TEC Device Design
We have identified automotive waste energy recovery as an interesting application from the point of view of the available temperature differentials, potential environmental impact, and economic volume. NanoHiTEC designs of thermoelectric converters were primarily aimed at this application.
For energy harvesting applications such as this one, it is important to take into consideration the typical temperatures attainable at cold and hot-side heat exchangers, account taken of the available exhaust heat. Thus it can be seen that the typical temperature differential spanned by a TEC operating in this application is given by exhaust gas temperatures of 500°C and cooling fluid temperatures of 100°C. From the point of view of power generation the optimal temperature drop on the thermoelectric elements under these circumstances is 200°C, with the remaining half of the difference occurring on the heat exchangers. For liquid cooling-fluid systems the heat transfer is more efficient, and hence the temperature drop on the thermoelectric device is situated closer to the low temperatures than to the hot ones. The important consequence of this observation is that Bi-Te based thermoelectric materials have a performance peak in the temperature range of interest, contrary to what was initially assessed.
We designed thermoelectric converters based on magnetron sputtering thin-film deposition, wherein the fabrication technique is not specific to any thermoelectric material. In particular, state of the art Bi-Te based materials, but also the Si-, Ge- and SiGe-based advanced materials developed in NanoHiTEC could be used. The detailed shape and of the heat exchangers and the geometry of the thermoelectric elements has been attuned to the materials development work and the optimization of the passive components and structures.
We fabricated devices that specifically account for the mounting in the exhaust line of gasoline vehicles. As devices featuring BiTe-thermoelectrics and based on the same considerations that went into the prototypes are in the initial stages of commercialization through partner O-Flexx, it becomes possible to estimate costs of production. Set at about EUR 2.-/W power output these preliminary values leave room for economies of scale and optimization, primarily because of the greatly reduced volume of thermoelectric material, the comparatively large fraction of recyclable scrap, and the potential for additional automating of fabrication steps.

We have measured various new European driving cycles, to get a better understanding of the energy available as heat in the exhaust gases for a standard driving situation.
Determining the crystallographic structure and the microstructure of the thermoelectric materials developed within NanoHiTEC (as for instance revealed in Figure 5.1) was instrumental for understanding the detailed effects of the optimization of the thermoelectric materials.

Figure 5.1: TEM images of n-type Bi-Te film samples. (a), (b) and (c): high resolution images showing polycrystalline microstructure, with grain sizes of the order of 20 – 60 nm delineated by yellow contours. (d) Composition mapping by EDX on selected areas of the film show its inhomogeneity.
The electrical characterization of samples with slight compositional and heat treatment variations, in particular of BiTe-based alloys, allowed us to obtain phenomenological rules for the material’s design. One example can be seen in Figure 5.2 where the electrical resistivity and Seebeck coefficients are measured. Typical for these materials, the power factor reaches a maximum at around 150°C (slightly below in this case), as in the example of Fig. 5.3.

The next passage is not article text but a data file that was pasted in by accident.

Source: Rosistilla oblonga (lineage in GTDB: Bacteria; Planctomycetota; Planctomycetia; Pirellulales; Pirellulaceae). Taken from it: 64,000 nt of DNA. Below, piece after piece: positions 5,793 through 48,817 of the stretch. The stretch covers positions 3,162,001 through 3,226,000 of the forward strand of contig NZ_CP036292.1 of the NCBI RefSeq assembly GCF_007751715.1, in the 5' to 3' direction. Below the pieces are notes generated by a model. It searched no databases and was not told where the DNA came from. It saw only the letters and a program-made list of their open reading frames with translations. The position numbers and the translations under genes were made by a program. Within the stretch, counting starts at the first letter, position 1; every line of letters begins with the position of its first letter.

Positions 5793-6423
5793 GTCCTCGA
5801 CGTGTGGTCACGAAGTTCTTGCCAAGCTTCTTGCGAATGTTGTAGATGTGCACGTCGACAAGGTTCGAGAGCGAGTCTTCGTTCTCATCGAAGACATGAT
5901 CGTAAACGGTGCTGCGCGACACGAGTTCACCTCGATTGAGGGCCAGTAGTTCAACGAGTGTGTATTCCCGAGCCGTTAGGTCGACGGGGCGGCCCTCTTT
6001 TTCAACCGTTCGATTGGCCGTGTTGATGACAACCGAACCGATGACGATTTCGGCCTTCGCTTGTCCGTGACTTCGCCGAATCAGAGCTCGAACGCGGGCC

Figure 5.2: Electrical resistivity and Seebeck coefficient for different BiTe-based n-type thermoelectric materials from O-Flexx.

Figure 5.3: Electrical resistivity, Seebeck coefficient and power factor for a BiTe-based n-type thermoelectric material from O-Flexx.
The thermal conductivity has been determined with a 3ω-method, using a measurement stage designed for that purpose, as for example for Figure 5.4. From these and the above electrical measurements, ZT values have been determined. In this particular case of BiTe-based n-type films, ZT ranges between 0.22 and 0.62.

Figure 5.4: Thermal conductivity of thin film BiTe samples, from 3ω-type measurements.
A key set of measurements concerns the SiGe-based films, which triggered the materials development effort in NanoHiTEC.
For this material Sb atoms are desired dopants, but because Sb atoms are larger than the atoms in the host lattice, once in it they would strain it. This constitutes a thermodynamic driving force for dopant loss, inhibiting incorporation of Sb into the lattice. Rather, we found be extensive TEM and resistivity measurements on samples constructed for that purpose that dopant atoms diffuse to grain boundaries where they cannot contribute to the thermoelectric properties of the ensemble in the desired way. To try to counteract this effect the strategies discussed above were pursued, all the while minding the need to have appropriately sized crystallites, and foregoing methods that clearly cannot be scaled up (e.g. ALD methods).
MIC-based Al-doped SiGe could be shown to have appropriate dopant characteristics, as discussed above. We could measure the thermal conductivity of these systems on different substrates, for example on sapphire in Figure 5.5.

Figure 5.5: thermal conductivity of substrates and substrates with MIC SiGefilms.
The thermoelectric performance and the electric output of different power strips from O-Flexx has also been investigated in detail.